Brigid's Hearth

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Wisdom of the Elements:

The Sacred Wheel of Earth, Air, Fire and Water



The Rules of the Magus

Most of us practicing the magical arts have, from time to time, come across the familiar magical motto known as the Magician's Maxim, or Rules of the Magus: "To know, to will, to dare, to keep silent." I remember learning these lines many years ago as part of my early training. Interestingly, these lines turn up in different sequences in different magical sources. I have seen this motto as to know, to dare, to will, to keep silent, but also to will, to dare, to know, to keep silent, as well as to dare, to know, to will, to keep silent. I have also noted with interest that the phrases have been ascribed to different quarters of the Circle, and thus different elements.

In this book I have chosen to ascribe Knowing to the East, Willing to the South, Daring to the West, and Silence to the North. But much thought on this subject has caused me to stumble upon the truth that, in reality, each of these phrases can be related to each of the Elements. Here are some of my thoughts.

To know: We usually think of knowledge as having been acquired by the mind; it is certainly used by the mind. Therefore it seems appropriate that this phrase be accorded to the East with the Element of Air. Our English word knowledge is related to the Latin gnoscere and the Greek gnosis, both of which mean knowledge and are from the Greek root word gi gnoskein meaning "to know." Yet the dictionary definition of knowledge includes concepts of discernment, recognition, experience and practical understanding - all of which seem more related to Earth Element than Air. One generally "knows things" from having had practical, earthy experience of them. And the elemental spirits of Earth are called gnomes - the knowers. So it is possible to see how to know can also be found in the North. Knowing involves perception: in order to recognize and discern one must first perceive, which frequently involves use of the physical senses. Usually the word perception is used in relation to the sense of sight, which cannot bring us information if light is not present. Sight seems to lead us back to the East again, while light can be found in the East, South and West, but most prominently in the South - time/place of the brightest light of the day/year (and therefore of the most direction perception), and ascribed the element of Fire. The light of the West is a fading light, it seems to go inward - just as we do to ponder and assimilate our experiences. Looked at from the West/Water perspective, to know means knowledge realized and deepened by inner reflection and process.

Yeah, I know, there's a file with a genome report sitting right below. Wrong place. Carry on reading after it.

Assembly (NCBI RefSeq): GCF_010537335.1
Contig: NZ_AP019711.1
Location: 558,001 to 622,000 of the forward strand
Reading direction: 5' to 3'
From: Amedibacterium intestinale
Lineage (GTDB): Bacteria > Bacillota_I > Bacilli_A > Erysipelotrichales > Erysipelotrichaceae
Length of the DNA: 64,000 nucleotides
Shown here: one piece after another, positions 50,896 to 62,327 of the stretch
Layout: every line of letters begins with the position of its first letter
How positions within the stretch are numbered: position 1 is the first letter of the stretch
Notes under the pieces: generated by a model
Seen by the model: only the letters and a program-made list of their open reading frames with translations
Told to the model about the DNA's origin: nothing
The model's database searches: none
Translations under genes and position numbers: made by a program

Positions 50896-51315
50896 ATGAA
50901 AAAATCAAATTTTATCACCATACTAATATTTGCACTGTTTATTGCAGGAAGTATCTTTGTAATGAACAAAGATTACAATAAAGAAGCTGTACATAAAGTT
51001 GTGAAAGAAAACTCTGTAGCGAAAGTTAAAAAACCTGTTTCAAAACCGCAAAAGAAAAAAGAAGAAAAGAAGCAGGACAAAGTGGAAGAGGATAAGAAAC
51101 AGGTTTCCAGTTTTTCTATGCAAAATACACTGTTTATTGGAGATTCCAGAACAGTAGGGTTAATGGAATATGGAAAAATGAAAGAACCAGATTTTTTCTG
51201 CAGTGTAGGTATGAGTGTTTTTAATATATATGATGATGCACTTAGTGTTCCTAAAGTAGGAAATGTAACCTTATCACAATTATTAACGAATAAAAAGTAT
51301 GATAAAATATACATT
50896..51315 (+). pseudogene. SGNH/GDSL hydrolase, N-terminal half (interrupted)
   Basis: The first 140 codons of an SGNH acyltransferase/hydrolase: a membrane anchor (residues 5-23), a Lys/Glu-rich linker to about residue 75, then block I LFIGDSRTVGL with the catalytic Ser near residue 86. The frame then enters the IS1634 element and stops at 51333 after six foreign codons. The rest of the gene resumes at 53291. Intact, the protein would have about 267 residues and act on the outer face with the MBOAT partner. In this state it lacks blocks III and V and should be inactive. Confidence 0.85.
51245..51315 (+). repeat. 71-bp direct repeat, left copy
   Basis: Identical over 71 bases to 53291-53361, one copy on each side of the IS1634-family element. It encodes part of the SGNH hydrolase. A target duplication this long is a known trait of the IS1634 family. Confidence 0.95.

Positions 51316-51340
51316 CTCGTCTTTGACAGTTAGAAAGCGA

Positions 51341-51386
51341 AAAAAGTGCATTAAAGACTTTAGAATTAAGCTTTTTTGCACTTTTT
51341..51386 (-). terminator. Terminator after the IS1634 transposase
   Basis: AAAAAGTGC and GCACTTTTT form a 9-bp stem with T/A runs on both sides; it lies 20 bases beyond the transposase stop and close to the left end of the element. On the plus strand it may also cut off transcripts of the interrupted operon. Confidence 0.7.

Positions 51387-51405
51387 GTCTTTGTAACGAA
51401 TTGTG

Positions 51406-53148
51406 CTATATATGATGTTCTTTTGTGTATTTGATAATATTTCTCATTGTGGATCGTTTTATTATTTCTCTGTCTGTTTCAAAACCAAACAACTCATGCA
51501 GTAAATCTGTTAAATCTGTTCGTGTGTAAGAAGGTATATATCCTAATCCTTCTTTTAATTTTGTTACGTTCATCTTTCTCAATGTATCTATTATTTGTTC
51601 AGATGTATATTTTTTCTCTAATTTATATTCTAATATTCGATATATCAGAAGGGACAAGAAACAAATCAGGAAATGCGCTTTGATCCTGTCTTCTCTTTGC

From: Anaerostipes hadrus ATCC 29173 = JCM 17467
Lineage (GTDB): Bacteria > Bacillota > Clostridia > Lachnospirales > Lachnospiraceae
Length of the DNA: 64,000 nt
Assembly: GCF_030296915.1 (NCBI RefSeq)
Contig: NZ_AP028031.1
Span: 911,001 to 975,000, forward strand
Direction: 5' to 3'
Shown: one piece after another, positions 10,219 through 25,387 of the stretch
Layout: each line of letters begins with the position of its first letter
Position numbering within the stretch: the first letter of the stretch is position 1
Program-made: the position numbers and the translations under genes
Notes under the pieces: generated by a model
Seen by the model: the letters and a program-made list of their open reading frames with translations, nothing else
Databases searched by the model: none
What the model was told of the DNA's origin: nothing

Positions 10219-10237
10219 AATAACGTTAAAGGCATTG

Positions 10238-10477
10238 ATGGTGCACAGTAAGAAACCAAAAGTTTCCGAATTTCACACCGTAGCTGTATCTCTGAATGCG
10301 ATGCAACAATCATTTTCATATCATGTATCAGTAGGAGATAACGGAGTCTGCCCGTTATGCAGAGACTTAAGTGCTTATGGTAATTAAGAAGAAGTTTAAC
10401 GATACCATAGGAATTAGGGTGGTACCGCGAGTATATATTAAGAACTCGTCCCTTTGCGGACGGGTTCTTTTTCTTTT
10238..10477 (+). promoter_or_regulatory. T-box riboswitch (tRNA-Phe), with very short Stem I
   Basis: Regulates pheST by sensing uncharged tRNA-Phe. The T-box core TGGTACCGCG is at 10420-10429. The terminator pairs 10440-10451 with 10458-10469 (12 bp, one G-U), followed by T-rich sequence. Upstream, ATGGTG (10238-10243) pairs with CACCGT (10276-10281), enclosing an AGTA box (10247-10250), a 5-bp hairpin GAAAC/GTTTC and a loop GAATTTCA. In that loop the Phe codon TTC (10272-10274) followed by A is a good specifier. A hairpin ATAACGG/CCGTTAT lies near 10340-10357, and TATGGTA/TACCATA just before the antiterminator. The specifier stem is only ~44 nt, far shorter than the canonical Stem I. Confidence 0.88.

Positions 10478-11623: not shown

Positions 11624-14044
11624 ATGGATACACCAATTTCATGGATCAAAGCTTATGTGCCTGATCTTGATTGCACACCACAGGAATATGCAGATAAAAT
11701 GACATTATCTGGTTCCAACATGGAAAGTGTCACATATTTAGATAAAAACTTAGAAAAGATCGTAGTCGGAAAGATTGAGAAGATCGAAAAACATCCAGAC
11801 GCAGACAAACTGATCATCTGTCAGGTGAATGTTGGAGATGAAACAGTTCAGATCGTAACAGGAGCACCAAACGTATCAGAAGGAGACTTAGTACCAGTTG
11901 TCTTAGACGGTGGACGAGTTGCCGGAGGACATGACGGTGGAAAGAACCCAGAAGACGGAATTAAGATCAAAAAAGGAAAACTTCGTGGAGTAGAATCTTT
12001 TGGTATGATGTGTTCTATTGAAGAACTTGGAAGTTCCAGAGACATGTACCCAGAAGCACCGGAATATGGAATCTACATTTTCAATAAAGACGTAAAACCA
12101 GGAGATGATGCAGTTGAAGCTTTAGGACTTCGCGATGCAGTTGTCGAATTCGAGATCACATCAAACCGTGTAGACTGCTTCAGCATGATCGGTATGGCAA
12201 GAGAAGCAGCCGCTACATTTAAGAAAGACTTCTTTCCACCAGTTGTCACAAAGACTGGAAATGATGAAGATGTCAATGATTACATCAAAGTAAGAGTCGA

To will: The roots of this word go back to the Latin velle, meaning "to wish, to desire" and relates to the act of making choices or decisions, to setting an intention. Hopefully choices, decisions and intentions are based on knowledge (or at least information), and this shows us the East/Air aspect of to will. Intentions, choices and decisions are movements toward manifestation. As such, they are representative of the principle of growth, which is found in the South/Fire position of the Wheel. Will implies a power of "push" similar to that of a growing plant pushing its way upward toward the sun - a persistence and toughness, arising from deep, inner instinct, in service of a goal. Yet wishes and desires, in the human realm, have a strongly emotional component, and this relates them to West/Water. The desire to see our choices/decisions all the way through to manifestation brings will around to the North/Earth part of the Wheel.

To dare: To be daring is to be courageous, bold and venturesome. Courage involves the feelings, and thus, the heart. The word courage itself comes from the Latin cor and Greek kardia, both meaning heart. We tend to associate our emotions with the heart. Daring and courage involve facing, persevering and withstanding fear and danger. It is scary to go into the dark of the unknown. To ride off into the sunset - West/Water - requires courage and daring, be it the physical darkness of nightfall or the inner darkness of swirling emotion and desire. Though emotions are associated with the West, and the ebb and flow of the Water element, courage and heart can also be seen to be associated with the South/Fire, by virtue of the heat that emotions such as love, passion, hate and anger can generate. To be daring and venturesome, one must exhibit a strength that is often more spiritual than physical, thus linking daring again with Fire and the South. To be venturesome one must be open to new ideas and new beginnings, thus bringing in the powers and qualities of the East/Air. And finally, it takes tenacity and persistence to carry through on a dare, and these qualities are linked to the North/Earth.

To keep silent: Silence is one of the qualities associated with the element of North/Earth. Magically speaking, and this will be detailed more in later chapters, to keep silent is to conserve/reserve rather than dissipate energies. To keep silent is to conserve strength and build power, which can also be associated with South/Fire. Yet it is also possible to see the power of West/Water here, since West is the autumn/sunset place on the wheel, where night falls and its silence restfulness begins. It is the time of going into the silence, for rest, for visions, for dreams, for introspection. Silence is less understandable in the East/Air position, since this position is about coming out of the silence with the power of sound and light. As such, the best way to understand its relationship to East and Air is to think of it as the necessary balance. Silence is the balance to sound, rest is the balance to activity, introspection is the balance to seeing beyond the self, and inner vision/dream is the balance to outer vision.